Seaweeds are a potential source of bioactive compounds that are useful for biotechnological applications and can be employed in different industrial areas in order to replace synthetic compounds with components of natural origin. Diverse studies demonstrate that there is a solid ground for the exploitation of seaweed bioactive compounds in order to prevent illness and to ensure a better and healthier lifestyle. Among the bioactive algal molecules, phenolic compounds are produced as secondary metabolites with beneficial effects on plants, and also on human beings and animals, due to their inherent bioactive properties, which exert antioxidant, antiviral, and antimicrobial activities.
Seaweed phenolic compounds are attracting the attention of the scientific community, as well as several industries, due to their high variety and potential uses . For instance, the occurrence of phlorotannins (in brown seaweeds) and bromophenols, flavonoids, phenolic terpenoids, and mycosporine-like amino acids (MAAs) in green and red seaweeds has been recorded (Table 1) .
Phenolic acids consist of a single phenol ring and at least a group of functional carboxylic acids and are typically graded according to the number or the amount of carbon in the chain bound to the phenolic ring. These phenolic acids are also categorized as C6-C1 for hydroxybenzoic acid (HBA; one carbon chain linked to the phenolic ring), C6-C2 for acetophenones and phenylacetic acids (two carbon chains linked to the phenolic ring) and C6-C3 (3 carbon chains attached to the phenol ring) for hydroxycinnamic acid (HCA) . HBAs include, among others, gallic acid, p-hydroxybenzoic acid, vanillic acid, syringic acid, and protocatechins, in which there are differences in the basic structure of the HBA, including an aromatic ring hydroxylation and methoxylation .
Trans-phenyl-3-propenoic acids are hydroxycinnamic acids (HCA), which vary in their ring constitution . These HCA derivatives include caffeic (3,4-dihydroxycinnamic), ferulic (3-methoxy-4-hydroxy), sinapic (3,5-dimethoxy-4-hydroxy), and p-coumaric (4-hydroxy) acids, all of which are commonly distributed as conjugates, primarily as quinic acid esters (chlorogenic acids) . In addition, these acids can be subcategorized up into different groups based on the identity, location, and number of the acyl residue: (1) mono-esters of caffeic, ferulic, and p-coumaric acids; (2) bi-, tri-, and tetra-esters of caffeic acids; (3) mixed di-esters of caffeic-ferulic acid or caffeic-sinapic acids; and (4) mixed caffeic acid esters with aliphatic dibasic acids, such as oxalic or succinic acid .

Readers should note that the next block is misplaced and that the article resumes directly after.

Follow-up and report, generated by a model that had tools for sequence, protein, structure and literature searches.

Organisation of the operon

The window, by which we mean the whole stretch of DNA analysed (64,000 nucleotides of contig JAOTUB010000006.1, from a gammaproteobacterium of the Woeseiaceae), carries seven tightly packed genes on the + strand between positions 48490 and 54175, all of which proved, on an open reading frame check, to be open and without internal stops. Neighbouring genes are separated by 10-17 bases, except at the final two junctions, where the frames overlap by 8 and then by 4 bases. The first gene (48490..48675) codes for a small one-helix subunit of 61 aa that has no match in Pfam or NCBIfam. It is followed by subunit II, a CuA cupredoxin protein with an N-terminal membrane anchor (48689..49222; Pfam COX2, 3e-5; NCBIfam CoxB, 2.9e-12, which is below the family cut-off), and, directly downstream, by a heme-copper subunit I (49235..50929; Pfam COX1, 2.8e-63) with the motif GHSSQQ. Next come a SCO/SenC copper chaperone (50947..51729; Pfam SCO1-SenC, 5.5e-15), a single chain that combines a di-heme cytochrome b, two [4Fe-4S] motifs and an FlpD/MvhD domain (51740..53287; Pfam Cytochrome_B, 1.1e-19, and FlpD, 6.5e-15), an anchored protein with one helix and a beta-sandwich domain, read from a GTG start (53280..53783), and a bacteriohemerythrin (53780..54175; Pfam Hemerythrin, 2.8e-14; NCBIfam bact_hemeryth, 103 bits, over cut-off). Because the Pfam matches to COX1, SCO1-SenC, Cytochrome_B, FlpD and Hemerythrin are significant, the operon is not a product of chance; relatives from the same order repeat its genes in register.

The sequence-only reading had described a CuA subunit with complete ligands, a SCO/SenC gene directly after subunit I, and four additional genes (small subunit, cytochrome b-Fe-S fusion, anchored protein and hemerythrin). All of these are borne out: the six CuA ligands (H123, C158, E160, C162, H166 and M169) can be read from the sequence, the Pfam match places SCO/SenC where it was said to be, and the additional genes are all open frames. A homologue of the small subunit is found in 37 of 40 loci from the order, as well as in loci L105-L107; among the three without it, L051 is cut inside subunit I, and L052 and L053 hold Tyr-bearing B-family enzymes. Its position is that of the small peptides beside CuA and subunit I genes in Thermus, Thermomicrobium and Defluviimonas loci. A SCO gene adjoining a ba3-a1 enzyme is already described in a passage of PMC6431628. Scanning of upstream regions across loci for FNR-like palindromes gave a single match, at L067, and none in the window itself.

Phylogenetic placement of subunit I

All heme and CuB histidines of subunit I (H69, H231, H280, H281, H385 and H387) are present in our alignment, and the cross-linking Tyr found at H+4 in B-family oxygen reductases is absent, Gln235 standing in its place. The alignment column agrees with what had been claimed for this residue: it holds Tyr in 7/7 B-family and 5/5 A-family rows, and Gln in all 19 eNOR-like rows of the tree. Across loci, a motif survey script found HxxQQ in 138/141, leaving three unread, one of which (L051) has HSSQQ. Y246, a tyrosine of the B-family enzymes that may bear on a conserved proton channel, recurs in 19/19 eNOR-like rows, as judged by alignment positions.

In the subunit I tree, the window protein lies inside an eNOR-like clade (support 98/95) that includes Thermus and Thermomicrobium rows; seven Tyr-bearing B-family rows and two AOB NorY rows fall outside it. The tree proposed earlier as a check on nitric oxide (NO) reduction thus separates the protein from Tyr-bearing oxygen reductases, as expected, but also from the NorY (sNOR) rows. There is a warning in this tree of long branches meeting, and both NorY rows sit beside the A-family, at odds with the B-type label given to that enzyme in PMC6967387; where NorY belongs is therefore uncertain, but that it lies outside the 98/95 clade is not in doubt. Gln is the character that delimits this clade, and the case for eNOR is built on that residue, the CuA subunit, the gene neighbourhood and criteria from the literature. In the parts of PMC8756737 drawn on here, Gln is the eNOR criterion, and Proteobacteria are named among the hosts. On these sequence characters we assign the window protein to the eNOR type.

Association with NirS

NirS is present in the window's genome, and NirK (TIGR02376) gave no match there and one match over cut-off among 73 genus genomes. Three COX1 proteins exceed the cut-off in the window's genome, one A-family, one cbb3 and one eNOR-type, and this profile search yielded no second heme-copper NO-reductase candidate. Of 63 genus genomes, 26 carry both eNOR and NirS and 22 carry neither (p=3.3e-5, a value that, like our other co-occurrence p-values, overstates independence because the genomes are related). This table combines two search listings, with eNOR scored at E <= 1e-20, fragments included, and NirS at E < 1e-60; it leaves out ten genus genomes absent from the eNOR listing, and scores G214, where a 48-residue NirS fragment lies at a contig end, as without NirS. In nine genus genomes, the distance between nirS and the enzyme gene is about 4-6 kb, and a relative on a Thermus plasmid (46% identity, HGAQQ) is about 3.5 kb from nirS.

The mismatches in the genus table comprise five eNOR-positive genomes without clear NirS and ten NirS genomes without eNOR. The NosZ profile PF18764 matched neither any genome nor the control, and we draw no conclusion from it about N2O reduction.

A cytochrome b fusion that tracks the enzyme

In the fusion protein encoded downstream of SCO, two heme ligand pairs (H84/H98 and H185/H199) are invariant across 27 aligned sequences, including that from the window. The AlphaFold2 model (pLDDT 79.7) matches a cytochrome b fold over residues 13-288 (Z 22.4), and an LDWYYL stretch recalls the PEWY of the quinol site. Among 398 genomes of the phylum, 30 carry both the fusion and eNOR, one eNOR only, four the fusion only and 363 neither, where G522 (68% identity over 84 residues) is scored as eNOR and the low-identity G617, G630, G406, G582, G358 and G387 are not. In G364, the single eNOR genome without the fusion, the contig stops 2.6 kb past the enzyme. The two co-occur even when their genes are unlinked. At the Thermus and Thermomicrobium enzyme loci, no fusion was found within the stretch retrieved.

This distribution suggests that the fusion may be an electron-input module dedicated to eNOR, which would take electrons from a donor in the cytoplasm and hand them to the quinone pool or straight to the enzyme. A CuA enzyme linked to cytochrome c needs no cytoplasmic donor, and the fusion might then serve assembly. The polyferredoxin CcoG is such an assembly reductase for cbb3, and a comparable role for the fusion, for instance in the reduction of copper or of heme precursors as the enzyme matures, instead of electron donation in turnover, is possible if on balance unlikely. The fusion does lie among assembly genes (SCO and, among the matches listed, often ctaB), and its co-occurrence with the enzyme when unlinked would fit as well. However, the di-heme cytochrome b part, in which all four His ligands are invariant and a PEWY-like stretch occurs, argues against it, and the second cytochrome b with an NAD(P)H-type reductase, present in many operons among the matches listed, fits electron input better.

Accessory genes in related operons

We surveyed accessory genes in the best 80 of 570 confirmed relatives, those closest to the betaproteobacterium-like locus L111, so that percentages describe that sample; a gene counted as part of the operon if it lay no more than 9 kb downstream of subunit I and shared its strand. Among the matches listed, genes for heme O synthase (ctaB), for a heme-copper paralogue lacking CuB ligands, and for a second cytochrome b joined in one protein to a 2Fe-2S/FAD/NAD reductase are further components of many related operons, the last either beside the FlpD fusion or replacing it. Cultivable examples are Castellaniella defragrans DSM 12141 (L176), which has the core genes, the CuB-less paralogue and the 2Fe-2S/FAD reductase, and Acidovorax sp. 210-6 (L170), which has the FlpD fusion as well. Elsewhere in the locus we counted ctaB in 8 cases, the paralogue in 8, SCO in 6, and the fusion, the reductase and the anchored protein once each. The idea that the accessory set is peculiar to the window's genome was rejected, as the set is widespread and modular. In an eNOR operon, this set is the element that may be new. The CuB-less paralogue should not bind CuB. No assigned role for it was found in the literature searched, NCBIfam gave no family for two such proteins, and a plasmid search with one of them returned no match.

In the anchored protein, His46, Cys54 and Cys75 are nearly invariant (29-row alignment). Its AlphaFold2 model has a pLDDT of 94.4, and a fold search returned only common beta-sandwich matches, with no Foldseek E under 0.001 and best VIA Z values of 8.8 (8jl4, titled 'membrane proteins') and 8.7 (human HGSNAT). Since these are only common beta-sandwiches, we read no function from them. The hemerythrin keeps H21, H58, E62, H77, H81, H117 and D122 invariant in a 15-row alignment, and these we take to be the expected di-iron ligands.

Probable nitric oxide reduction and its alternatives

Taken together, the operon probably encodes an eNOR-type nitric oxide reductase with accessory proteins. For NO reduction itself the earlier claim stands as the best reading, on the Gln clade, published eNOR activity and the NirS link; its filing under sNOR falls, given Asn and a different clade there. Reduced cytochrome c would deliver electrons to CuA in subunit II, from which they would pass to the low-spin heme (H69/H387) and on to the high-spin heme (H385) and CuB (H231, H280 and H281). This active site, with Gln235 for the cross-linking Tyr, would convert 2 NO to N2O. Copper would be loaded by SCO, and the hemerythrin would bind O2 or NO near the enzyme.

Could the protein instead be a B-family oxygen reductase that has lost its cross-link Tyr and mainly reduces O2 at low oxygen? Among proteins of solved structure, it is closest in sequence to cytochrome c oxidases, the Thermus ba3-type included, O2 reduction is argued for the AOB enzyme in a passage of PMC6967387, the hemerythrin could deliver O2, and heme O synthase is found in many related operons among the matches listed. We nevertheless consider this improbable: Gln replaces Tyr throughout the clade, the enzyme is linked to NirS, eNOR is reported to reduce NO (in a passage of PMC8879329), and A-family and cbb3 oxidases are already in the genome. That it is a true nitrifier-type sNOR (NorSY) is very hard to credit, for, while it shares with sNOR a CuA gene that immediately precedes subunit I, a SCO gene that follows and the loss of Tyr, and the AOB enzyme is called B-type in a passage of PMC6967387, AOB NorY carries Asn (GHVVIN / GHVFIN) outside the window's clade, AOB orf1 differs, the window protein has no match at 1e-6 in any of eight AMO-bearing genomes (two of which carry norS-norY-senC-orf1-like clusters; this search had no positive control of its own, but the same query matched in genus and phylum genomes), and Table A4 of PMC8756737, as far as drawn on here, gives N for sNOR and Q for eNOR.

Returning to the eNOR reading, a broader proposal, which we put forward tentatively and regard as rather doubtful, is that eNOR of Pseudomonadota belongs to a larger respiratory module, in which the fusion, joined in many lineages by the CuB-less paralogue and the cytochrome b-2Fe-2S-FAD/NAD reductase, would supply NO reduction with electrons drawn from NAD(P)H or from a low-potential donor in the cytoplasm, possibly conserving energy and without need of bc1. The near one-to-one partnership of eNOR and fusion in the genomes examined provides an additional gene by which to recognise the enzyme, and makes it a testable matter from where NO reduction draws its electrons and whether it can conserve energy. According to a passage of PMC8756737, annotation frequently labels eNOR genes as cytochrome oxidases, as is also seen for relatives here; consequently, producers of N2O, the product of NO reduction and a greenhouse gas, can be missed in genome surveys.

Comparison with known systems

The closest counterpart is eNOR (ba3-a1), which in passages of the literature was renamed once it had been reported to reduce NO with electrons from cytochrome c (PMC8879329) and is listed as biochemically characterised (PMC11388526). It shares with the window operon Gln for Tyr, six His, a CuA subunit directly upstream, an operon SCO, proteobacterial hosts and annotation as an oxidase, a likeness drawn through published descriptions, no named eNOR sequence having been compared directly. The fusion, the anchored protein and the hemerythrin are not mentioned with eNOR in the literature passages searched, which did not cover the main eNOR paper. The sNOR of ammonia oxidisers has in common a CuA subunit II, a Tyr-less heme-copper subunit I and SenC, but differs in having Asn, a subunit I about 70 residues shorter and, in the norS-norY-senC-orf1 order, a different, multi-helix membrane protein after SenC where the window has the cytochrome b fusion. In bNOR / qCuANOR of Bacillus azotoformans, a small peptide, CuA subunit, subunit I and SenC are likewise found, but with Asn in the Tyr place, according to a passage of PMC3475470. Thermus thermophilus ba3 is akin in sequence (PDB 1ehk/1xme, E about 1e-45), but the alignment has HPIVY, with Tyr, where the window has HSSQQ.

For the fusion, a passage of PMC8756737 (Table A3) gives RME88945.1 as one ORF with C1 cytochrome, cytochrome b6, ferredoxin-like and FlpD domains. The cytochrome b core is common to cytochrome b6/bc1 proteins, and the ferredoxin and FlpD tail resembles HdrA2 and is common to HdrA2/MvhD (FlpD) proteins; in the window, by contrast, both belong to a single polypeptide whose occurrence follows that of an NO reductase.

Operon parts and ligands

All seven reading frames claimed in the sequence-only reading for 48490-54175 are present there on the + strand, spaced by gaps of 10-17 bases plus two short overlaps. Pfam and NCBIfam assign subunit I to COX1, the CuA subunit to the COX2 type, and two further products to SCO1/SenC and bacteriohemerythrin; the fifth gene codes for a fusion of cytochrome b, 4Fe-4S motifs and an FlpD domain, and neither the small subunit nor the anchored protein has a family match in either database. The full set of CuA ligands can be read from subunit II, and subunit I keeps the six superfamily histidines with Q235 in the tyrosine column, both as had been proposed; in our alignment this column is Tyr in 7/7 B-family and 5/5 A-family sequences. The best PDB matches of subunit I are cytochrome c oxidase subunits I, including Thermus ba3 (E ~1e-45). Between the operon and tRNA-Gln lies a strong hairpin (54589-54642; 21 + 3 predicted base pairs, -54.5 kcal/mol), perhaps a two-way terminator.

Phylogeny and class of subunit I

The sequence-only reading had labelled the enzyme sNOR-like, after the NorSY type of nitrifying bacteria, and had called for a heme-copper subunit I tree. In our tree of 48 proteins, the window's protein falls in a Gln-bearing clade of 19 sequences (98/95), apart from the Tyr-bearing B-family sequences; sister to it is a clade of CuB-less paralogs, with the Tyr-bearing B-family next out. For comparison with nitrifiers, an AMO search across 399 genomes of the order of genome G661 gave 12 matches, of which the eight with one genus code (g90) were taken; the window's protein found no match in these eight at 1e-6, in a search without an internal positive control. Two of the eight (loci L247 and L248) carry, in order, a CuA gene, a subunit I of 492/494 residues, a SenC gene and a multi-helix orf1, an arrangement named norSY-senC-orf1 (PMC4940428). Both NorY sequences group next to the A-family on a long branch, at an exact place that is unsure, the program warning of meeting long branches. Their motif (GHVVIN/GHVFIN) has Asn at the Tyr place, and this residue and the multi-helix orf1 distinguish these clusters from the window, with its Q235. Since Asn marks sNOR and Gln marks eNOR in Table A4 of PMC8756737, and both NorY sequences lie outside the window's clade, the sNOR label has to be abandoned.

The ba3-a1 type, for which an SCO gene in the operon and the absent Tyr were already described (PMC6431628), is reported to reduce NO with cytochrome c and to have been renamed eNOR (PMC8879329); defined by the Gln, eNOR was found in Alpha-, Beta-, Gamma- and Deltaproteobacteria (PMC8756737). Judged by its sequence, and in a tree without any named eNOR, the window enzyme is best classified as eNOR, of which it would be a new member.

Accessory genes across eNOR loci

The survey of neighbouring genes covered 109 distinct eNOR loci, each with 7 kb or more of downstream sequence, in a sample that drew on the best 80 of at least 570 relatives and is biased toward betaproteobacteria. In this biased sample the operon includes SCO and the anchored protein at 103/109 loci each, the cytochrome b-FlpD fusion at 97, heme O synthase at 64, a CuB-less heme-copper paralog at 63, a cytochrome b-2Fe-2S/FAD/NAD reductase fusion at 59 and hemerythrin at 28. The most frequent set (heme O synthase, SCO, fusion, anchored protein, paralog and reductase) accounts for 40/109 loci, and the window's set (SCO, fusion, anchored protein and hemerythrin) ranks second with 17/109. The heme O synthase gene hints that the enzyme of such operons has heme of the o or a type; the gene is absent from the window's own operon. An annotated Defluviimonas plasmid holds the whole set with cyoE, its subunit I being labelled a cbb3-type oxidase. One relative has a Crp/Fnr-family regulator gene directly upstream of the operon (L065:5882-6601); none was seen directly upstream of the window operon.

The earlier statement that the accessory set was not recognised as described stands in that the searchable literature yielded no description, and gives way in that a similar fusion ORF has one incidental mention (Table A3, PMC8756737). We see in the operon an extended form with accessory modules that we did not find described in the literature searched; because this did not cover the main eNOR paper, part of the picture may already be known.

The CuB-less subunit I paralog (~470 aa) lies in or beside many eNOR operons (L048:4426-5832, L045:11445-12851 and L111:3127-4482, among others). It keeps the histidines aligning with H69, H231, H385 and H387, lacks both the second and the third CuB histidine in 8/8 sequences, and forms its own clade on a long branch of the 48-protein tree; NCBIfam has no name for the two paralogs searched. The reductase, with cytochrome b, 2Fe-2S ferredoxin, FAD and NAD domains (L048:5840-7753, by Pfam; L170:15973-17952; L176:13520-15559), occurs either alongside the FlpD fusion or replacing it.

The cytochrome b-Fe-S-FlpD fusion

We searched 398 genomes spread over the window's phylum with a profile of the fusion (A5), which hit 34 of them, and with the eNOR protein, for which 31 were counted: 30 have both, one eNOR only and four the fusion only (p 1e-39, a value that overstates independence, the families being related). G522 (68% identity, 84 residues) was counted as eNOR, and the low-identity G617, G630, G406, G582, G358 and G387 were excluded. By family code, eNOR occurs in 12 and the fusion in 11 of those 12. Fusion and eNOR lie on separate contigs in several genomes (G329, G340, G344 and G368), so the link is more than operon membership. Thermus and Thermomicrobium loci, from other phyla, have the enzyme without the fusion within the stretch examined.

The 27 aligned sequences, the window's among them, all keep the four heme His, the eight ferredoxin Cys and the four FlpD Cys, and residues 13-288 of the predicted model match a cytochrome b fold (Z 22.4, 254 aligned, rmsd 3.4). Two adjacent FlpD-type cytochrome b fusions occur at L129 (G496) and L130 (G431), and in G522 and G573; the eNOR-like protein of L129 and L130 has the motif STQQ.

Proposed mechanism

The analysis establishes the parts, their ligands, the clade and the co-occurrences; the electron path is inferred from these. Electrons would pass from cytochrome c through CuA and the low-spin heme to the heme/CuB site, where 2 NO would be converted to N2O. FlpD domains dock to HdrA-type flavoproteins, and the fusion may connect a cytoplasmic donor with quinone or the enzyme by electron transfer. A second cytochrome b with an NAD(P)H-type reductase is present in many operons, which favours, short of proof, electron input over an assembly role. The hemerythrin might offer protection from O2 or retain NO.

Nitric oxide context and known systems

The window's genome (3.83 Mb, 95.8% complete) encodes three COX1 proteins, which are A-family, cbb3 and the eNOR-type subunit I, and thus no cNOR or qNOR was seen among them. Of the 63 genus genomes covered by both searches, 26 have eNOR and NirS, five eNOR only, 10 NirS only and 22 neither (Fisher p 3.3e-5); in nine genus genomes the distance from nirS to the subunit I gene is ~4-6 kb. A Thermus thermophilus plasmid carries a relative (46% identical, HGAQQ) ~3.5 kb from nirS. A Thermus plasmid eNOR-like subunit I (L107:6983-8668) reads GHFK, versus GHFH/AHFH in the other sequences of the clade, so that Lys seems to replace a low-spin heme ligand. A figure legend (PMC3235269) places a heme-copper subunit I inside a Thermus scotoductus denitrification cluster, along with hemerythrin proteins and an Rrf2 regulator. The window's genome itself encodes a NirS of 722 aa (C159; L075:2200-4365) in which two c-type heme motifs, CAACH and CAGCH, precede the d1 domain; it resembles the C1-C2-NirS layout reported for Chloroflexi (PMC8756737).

Some experiments have shown the presence of phenolic acids in marine algae . For instance, coumarins have been found in green seaweed species such as Dasycladus vermicularis, as well as some vanillic acid derivatives in the Cladophora socialis (Chlorophyta, green algae) . Ascophyllum nodosum (Figure 1A), Bifurcaria bifurcata (Figure 1B), and Fucus vesiculosus (Figure 1C) (Phaeophyceae, brown algae) have been distinguished by the presence of HBAs, rosmarinic acid, and quinic acid . In addition, in the genus Gracilaria (Figure 1I) (Rhodophyta, red alga), phenolic acids have been detected, such as benzoic acid, p-hydroxybenzoic acid, salicylic acid, gentisic acid, protocatechuic acid, vanillic acid, gallic acid, and syringic acid .
Figure 1. Some seaweeds producing phenolic compounds: (A)—Ascophyllum nodosum (P); (B)—Bifurcaria bifurcata (P); (C)—Fucus vesiculosus (P); (D)—Leathesia marina (P); (E)—Lobophora variegata (P); (F)—Macrocystis pyrifera (P); (G)—Asparagopsis armata (R); (H)—Chondrus crispus (R); (I)—Gracilaria sp. (R); (J)—Kappaphycus alvarezii (R); (K)—Neopyropia sp. (R); (L)—Palmaria palmata (R); (M)—Dasycladus vermicularis (Chl); (N)—Derbesia tenuissima (Chl); (O)—Ulva intestinalis (Chl); P—Phaeophyceae, R—Rhodophyta; Chl—Chlorophyta.